Introduction Current surveillance for recurrent intraluminal or metachronous colorectal cancer following resection is largely undertaken by colonoscopic examination of the remaining colon. The burden on colonoscopic services is high and the procedure is expensive. Immunological faecal occult blood testing (FOBT) is a sensitive and specific test for detecting colorectal cancer, and may fine tune the need for timely surveillance colonoscopy.
Methods Consecutive patients due for surveillance colonoscopy following colonic resection for cancer were prospectively studied. Each patient had a single faecal sample obtained at per rectal examination on a gloved examining finger. This was subjected to immunological FOBT in the clinic, and patients were categorized as FOBT positive or negative, according to the result. Colonoscopy as well as ultrasound or CT of the liver were performed within eight weeks of FOBT.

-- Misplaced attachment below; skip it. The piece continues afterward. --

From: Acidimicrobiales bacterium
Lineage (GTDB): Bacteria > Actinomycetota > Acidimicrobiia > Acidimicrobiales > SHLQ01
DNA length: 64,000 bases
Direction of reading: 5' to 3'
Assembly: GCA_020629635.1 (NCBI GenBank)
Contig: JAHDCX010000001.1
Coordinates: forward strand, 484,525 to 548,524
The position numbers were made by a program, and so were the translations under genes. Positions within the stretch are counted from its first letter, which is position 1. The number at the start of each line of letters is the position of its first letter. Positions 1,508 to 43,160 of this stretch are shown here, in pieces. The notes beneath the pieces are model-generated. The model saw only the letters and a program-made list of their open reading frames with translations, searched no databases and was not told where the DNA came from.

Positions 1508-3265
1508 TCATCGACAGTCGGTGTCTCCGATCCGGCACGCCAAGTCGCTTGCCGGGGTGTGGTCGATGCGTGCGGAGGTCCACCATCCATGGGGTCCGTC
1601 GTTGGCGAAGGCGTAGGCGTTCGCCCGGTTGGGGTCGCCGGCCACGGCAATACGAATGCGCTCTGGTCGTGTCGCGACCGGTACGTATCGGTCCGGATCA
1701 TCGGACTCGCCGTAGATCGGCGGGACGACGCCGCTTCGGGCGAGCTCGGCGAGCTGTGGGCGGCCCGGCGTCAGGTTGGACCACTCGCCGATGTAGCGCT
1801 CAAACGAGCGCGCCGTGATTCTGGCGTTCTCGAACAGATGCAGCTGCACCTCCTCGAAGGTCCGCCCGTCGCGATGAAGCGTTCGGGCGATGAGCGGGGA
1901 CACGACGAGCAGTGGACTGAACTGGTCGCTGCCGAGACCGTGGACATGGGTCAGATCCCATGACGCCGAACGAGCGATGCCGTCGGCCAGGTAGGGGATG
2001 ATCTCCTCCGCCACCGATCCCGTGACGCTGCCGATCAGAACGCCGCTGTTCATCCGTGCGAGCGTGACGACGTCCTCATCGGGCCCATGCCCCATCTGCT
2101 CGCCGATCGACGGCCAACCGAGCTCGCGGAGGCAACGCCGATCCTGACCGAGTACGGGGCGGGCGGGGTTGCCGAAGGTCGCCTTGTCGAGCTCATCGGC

Results Six hundred and eleven patients had both FOBT and colonoscopy. Fifty-nine (13.6%) were categorized as FOBT-positive. Of these, nine had biopsy-proven recurrent or metachronous cancer, 12 patients had one, or more adenomatous polyps, one patient had radiation proctitis and two patients had pan-colonic mucositis following chemotherapy. In the remaining 552 FOBT-negative patients, no cancers were found. Thirty-eight patients had polyps that were removed. The sensitivity and specificity for detecting cancer by immunological FOBT was 100% sensitivity for detecting adenomatous polyps was 24% but specificity was 93%.
Conclusion The immunological faecal occult blood test provides sensitive detection of metachronous and recurrent cancer in postoperative surveillance. Routine application may be used to reduce the frequency of colonoscopic surveillance, as a negative FOBT may be taken as a sign that colonoscopy may be deferred safely.